Hugh Knight Anstey, a member of the Chatham Ansteys, was born on 28 May 1900 in Indrone, Hyderabad, Madras, India to parents John Charles Knight Anstey (a missionary, confirmed on Hugh’s baptismal certificate) and Agnes Burgess. He was brother to fellow Anstey Hero Alexander Burgess Anstey, baptised on 15 August 1900 at Secunderabad Roman Catholic Cathedral.
Hugh’s mother died when he was very young, so by the 1901 Census he had returned to England and was living with his aunt Aquila Narbeth and her family at 6 Melody Road, Wandsworth. By the 1911 Census Hugh was attending Kingswood School in Bath.
Due to his age, Hugh only signed up for service with the Royal Air Force (Service Number: 177244) just before the conclusion of World War One, on 21 May 1918 as a Cadet. Bravely, this was only a couple of months after he had attended the funeral of his brother Alexander Burgess Anstey, who had died in a flying accident in Wolvercote in February 1918. Hugh gave his address at the time of his enlistment as Ferndale, Grove Road, Sutton, Surrey (his uncle John Narbeth’s residence); his religion was ‘Wesleyan’; and he was a bank clerk.
During his medical Hugh was classified as “fit for Obs: unfit for pilot” – hence his role as ‘Air Observer’ was to be one of reconnaissance, for which he was trained in October 1918 at Winchester and then at the ‘1 School of Aeronautics’ in Reading. However formal hostilities had ceased by the time Hugh had completed his training, so to our knowledge he never actually fought during this war. During his period of training, Hugh was promoted to Flight Officer Cadet in September 1918 and then further promoted to 2nd Lieutenant on 25 April 1919. He was then transferred to RAF Reserve ‘G’ on 27 April 1919.
Hugh married Lillah Reed in 1922 in Paddington – we find no children of this marriage. They must have decided to live in Lower Kingswood, Surrey because the ‘Surrey Mirror‘ on 25 April 1924 reported “NO LIGHT: For riding a motor cycle at night without a light, Hugh Knight Anstey of Babylon Cottage, Lower Kingswood was fined £1 at Epsom Petty Sessions“.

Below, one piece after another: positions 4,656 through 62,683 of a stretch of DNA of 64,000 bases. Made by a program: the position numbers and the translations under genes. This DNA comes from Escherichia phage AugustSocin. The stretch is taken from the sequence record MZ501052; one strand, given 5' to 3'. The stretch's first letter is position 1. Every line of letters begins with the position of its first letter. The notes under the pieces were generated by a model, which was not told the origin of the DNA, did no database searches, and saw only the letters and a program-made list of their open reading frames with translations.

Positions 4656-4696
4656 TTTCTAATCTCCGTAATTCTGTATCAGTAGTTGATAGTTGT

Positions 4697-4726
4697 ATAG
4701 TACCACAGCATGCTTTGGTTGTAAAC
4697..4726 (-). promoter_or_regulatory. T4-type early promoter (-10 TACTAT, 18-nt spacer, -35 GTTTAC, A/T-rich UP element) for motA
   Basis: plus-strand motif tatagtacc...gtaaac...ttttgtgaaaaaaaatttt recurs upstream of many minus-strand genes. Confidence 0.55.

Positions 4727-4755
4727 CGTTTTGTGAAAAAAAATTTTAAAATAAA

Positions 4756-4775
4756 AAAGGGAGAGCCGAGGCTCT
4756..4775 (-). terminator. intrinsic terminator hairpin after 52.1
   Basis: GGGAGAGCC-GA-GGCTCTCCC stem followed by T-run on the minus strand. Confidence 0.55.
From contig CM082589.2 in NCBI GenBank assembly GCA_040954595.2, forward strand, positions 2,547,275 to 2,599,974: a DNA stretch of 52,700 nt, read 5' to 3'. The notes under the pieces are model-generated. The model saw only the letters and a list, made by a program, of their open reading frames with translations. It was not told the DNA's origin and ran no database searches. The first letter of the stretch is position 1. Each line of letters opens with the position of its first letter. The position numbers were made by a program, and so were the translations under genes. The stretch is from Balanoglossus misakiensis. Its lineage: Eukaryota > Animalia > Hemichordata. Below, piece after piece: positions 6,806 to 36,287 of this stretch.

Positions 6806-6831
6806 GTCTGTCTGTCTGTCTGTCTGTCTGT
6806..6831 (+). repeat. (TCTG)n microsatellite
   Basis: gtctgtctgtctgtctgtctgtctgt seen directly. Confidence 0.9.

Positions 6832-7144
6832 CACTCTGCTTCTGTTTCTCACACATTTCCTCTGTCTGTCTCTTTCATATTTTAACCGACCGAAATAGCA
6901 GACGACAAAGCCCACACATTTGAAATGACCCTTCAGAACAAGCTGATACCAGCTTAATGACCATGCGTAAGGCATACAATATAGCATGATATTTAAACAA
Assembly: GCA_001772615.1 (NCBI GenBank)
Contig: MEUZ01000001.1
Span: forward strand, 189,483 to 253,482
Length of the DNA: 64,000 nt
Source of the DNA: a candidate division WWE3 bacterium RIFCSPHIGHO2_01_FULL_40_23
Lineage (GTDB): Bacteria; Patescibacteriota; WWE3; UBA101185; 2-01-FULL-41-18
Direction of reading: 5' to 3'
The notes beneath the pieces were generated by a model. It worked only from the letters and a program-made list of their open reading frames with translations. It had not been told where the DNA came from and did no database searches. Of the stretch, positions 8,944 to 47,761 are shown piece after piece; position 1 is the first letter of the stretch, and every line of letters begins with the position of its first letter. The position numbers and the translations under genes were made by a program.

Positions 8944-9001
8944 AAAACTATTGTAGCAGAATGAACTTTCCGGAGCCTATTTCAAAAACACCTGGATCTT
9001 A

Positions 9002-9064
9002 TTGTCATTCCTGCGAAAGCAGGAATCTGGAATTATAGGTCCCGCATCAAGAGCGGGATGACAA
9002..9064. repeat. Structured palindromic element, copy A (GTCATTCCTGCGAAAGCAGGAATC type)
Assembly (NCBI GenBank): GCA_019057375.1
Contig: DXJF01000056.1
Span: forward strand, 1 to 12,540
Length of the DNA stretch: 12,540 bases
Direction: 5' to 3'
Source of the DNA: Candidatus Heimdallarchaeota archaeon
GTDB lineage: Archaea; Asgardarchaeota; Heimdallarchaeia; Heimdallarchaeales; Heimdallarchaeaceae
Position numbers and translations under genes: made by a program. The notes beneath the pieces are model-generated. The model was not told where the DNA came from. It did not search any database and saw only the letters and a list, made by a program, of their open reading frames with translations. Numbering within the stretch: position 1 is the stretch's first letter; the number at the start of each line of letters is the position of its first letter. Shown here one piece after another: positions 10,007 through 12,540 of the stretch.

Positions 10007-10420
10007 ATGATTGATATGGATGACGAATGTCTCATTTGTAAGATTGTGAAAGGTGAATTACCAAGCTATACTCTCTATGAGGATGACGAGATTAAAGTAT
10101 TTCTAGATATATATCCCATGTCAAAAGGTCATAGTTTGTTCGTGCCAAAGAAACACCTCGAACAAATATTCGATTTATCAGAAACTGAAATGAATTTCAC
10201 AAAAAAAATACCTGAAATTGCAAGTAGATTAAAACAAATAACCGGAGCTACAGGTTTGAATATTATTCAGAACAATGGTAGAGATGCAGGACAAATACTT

In 1936 Hugh attended the funeral of his uncle Rear Admiral William John Anstey in Hendon. Then on 30 August 1939, as World War Two was about to break out, Hugh, as part of the ‘Royal Air Force Reserve of Air Force Officers’ was “granted a commission in class CC 2nd Lt. Hugh Knight ANSTEY (79005)” according to ‘The Gazette‘. He was further “granted commission as Flight Lieutenant with effect from 1 March 1940“. We have no further details of his World War Two service at present.
On 12 April 1960 Hugh, by now an “unmarried bank official” emigrated to South Africa aboard the ship ‘City of Chicago‘. He gave his last address in England as 536 Kensington Close, London W8, and stated that his country of intended future permanent residence was South Africa.
Hugh died on 29 November 1988, at the time living at 10 Fagan Street, Somerset West, Cape Province, South Africa – he was described as a “retired bank official“.
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